Revising Still Critical to Writing

Originally published in the Idaho Press-Tribune, Sunday, May 8, 1994

Real writers revise. Hemingway, Fitzgerald, Capote – all legendary for reworking their material and reworking and reworking until it exactly suited or until a publication deadline, until, as Hemingway said, every sentence was true. Even Jack Kerouac, notorious for knocking out On the Road in a two-week, single-draft marathon, had written seven previous versions.

I have done this piece three different ways.

So, it’s curious how small a role revision plays in learning to write. My teachers didn’t stress it when I was in high school in the 50s. Occasionally, we had to hand in a “rough draft,” but we weren’t taught revision strategies. Most of us remained one-draft writers.

Times change. For two decades, we have taught a “process” model of writing that stresses revision. Still, the hardest and most frustrating part of teaching kids to write is getting them to revise. I don’t mean just proofreading, important though that may be, but real revision – rethinking the piece, adding, changing, restructuring, maybe trying a completely different approach.

They’re reluctant because it’s hard.  You can do some of it by crossing out and filling in, but mostly, you write the whole thing over and over and… Who doesn’t remember typing a perfect page only to botch the footnote?

So you clean up the spelling, punctuation, and grammar, at best, or you just turn it in as-is to be shut of it.

“Real” writers cheat. They use computers. The computer is probably the most important learning-to-write tool since Mark Twain bought a typewriter; it is probably the most important learning-to-write tool since papyrus replaced the clay tablet.

I don’t mean teaching “computer literacy,” whatever that is. I don’t mean some gimmicky special curriculum designed for “computerized instruction.” I’m talking about a PC and Word Perfect as very practical tools for teaching writing.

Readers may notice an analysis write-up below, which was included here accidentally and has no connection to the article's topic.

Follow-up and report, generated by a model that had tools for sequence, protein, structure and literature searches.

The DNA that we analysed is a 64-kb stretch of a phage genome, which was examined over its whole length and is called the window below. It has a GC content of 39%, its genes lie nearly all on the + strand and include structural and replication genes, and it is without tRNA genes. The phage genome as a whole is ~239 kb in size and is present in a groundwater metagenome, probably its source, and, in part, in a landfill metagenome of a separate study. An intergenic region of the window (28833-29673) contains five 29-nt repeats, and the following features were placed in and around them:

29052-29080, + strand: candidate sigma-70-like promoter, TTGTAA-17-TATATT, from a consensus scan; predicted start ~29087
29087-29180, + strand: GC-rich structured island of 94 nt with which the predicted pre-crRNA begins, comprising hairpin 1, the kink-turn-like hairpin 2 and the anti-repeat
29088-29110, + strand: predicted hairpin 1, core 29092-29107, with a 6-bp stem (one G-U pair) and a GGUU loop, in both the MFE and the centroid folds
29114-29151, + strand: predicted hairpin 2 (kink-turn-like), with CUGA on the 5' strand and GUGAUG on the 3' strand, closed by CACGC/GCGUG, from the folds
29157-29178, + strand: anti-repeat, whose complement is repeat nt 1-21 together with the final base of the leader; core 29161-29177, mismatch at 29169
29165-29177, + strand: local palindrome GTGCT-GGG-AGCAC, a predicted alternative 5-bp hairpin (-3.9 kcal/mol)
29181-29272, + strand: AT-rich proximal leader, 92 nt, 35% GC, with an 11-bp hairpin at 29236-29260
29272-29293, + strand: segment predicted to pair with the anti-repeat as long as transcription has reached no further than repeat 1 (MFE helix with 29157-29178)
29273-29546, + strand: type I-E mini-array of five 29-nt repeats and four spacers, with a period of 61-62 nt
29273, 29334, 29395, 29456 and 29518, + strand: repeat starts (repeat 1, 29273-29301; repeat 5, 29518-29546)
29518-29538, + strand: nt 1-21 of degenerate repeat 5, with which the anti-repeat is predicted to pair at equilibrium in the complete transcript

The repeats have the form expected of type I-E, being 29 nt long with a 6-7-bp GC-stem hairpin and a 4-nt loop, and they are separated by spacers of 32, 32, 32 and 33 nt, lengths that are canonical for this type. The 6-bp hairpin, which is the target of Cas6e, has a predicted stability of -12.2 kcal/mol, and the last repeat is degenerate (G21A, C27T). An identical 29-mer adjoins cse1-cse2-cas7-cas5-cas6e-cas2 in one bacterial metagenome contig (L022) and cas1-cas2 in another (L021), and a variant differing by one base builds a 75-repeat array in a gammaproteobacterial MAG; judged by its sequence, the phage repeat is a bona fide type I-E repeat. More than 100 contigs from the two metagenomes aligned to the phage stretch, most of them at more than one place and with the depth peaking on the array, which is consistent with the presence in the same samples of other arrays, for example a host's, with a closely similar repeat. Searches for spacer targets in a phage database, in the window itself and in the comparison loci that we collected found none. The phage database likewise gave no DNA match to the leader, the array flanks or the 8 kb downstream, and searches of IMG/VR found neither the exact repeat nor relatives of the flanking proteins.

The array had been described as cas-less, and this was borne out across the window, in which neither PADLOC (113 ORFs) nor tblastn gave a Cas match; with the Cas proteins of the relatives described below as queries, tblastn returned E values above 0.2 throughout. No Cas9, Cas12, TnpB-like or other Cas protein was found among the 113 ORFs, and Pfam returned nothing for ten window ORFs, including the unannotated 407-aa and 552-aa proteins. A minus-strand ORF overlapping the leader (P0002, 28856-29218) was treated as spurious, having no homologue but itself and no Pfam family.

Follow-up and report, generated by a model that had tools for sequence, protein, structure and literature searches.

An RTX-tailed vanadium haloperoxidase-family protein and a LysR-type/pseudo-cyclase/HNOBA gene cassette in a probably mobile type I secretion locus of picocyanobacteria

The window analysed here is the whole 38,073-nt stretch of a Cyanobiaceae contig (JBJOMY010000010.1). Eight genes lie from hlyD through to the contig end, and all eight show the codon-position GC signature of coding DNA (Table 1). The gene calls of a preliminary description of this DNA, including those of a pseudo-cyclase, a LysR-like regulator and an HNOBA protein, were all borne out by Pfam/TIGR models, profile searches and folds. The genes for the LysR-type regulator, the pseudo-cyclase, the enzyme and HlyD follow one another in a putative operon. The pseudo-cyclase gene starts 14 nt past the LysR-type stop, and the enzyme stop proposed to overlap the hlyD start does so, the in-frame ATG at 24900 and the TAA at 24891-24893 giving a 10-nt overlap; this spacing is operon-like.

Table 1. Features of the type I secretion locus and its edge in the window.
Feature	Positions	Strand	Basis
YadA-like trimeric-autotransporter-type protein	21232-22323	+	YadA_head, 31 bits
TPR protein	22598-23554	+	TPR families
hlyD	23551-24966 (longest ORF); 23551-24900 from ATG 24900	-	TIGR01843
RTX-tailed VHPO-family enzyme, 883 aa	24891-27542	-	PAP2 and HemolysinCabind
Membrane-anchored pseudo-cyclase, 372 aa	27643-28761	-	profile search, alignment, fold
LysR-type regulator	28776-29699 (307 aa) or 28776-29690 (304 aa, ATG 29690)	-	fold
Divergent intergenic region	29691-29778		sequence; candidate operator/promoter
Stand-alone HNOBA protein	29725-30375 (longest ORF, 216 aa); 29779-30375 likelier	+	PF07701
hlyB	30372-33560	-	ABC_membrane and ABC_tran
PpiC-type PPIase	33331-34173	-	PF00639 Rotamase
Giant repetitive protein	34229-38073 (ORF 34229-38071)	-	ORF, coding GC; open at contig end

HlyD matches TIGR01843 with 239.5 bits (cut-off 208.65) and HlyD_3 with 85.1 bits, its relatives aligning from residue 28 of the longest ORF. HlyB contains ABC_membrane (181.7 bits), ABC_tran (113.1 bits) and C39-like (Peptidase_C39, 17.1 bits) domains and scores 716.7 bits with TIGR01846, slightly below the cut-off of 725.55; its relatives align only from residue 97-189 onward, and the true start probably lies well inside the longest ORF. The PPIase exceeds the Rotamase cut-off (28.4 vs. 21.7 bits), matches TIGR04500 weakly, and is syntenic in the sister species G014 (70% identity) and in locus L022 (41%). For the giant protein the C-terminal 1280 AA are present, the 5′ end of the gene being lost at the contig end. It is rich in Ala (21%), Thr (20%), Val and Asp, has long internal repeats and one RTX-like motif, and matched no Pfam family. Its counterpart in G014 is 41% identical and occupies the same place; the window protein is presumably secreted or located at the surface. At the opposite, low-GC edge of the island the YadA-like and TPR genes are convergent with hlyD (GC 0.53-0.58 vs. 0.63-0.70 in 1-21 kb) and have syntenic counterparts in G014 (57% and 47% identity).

We English teachers have seen it: when kids start writing on computers, interesting things happen. If they have been writing constricted papers that don’t develop a topic, they start expanding. If their work has been error-riddled, they start proof reading, and aids like spelling checkers help them do it. Errors show up in typed form, no longer hidden by illegible penmanship. They are more willing to revise if they can reshape their documents in the machine instead of recopying for each change.

The product looks like something. Those of us with poor handwriting find that no matter how hard we labor over a piece, it still looks incompetent.

For these benefits, kids need routine access to computers, not just for English, but for writing in all their classes. The goal is not mere “awareness,” but actually changing writing habits, and that is ever on-going.

The problem is access. Aside from the business and computer labs, Nampa High School has some twenty machines to serve 1500 students’ writing needs. Access is by no means routine or assured if there is always a waiting line to use the lab. The ultimate problem is cost. Computers are expensive, lots are needed, they soon become obsolete, there is no room to put them, more trained people would have to be hired to supervise, etc, etc, etc.

The “future” is here, and it works. It has only to be afforded.

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